Middle East drought a threat to global food prices

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The Middle East's driest winter in several decades could pose a threat to global food prices, with local crops depleted and farmers' livelihoods blighted, U.N. experts and climatologists say.

Varying degrees of drought are hitting almost two thirds of the limited arable land across Syria, Lebanon, Jordan, the Palestinian territories and Iraq.

"Going back to the last 100 years, I don't think you can get a five-year span that's been as dry," said Mohammad Raafi Hossain, a U.N. Food and Agriculture Organisation (FAO) environmental economist.

The dry season has already hurt prospects for the cereal harvest in areas of Syria and to a lesser extent Iraq. Several of the countries under pressure are already significant buyers of grain from international markets.

"When governments that are responsible for importing basic foodstuffs have shortages in production, they will go to outside markets, where the extra demand will no doubt push global food prices higher," said Nakd Khamis, seed expert and consultant to the FAO.

The Standard Precipitation Index (SPI) shows the region has not had such low rainfall since at least 1970.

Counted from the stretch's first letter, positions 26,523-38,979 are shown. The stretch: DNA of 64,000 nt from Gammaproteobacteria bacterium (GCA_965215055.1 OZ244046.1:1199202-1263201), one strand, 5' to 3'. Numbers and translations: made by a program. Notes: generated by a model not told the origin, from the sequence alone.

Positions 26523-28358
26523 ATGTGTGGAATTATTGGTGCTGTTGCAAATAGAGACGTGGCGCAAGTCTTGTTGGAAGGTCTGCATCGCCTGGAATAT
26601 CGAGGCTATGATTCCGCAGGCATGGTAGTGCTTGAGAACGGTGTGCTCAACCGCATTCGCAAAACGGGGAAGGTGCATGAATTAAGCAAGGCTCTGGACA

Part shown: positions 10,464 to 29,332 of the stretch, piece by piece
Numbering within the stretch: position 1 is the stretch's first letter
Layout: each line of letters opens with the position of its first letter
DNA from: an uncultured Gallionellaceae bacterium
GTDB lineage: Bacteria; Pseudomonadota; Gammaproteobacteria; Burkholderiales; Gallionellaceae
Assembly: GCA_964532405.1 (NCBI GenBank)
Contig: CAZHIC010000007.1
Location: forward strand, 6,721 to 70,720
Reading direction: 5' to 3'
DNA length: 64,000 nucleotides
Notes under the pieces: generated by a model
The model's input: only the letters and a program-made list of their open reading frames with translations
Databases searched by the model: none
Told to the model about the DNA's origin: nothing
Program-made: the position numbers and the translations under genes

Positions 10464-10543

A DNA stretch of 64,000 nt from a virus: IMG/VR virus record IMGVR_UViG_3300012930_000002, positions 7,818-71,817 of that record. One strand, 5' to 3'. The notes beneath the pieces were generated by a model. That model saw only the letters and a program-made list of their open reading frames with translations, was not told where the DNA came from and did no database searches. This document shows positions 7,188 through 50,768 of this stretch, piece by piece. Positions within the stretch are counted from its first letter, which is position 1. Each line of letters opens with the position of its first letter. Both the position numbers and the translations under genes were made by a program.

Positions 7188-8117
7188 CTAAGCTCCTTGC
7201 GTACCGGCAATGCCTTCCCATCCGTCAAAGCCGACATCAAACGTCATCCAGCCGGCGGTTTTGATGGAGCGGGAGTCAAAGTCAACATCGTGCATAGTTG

This was part of the initial findings of a joint technical study on Drought Risk Management undertaken by several U.N. agencies, including the FAO, UNDP and UNESCO, that would be formally published later this month, Hossain said.

Water and agriculture authorities, alongside specialist U.N. agencies, have begun preparing plans to officially declare a state of drought that spreads beyond the Eastern Middle East to Morocco and as far south as Yemen, climatologists and officials say.

Drought is becoming more severe in parts of the Eastern Mediterranean and Iraq, while Syria, having seen several droughts in recent decades, is again being hit hard, said Mohamad Khawlie, a natural resources expert with Planinc, an international consultancy focused on geospatial studies in the Middle East and Africa (MENA) region.

In Jordan, among the 10 countries facing the worst water shortages globally, Hazem al-Nasser, minister of water and irrigation, told Reuters precipitation levels were the lowest since records began 60 years ago.

Even after an exceptionally heavy snow storm that hit the region in mid-December, the kingdom's dams are still only 42 percent full, down from 80 percent last year, officials say.

In Lebanon, where climate change has stripped its mountain slopes of the snow needed to recharge groundwater basins, rain is "way below the average", said Beirut-based ecosystem and livelihoods consultant Fady Asmar, who works with U.N. agencies.

He said the stress on water resources from prodigal usage was exacerbated by the presence of nearly a million registered refugees since the Syrian civil war began in 2011.

Only Israel will not face acute problems, helped by its long-term investment in desalination plants and pioneering water management techniques.

In Iraq and Syria, where most of the country is too arid for agriculture, civil conflict and lack of water storage facilities will add to the hardship of rural communities dependent on crop cultivation and livestock.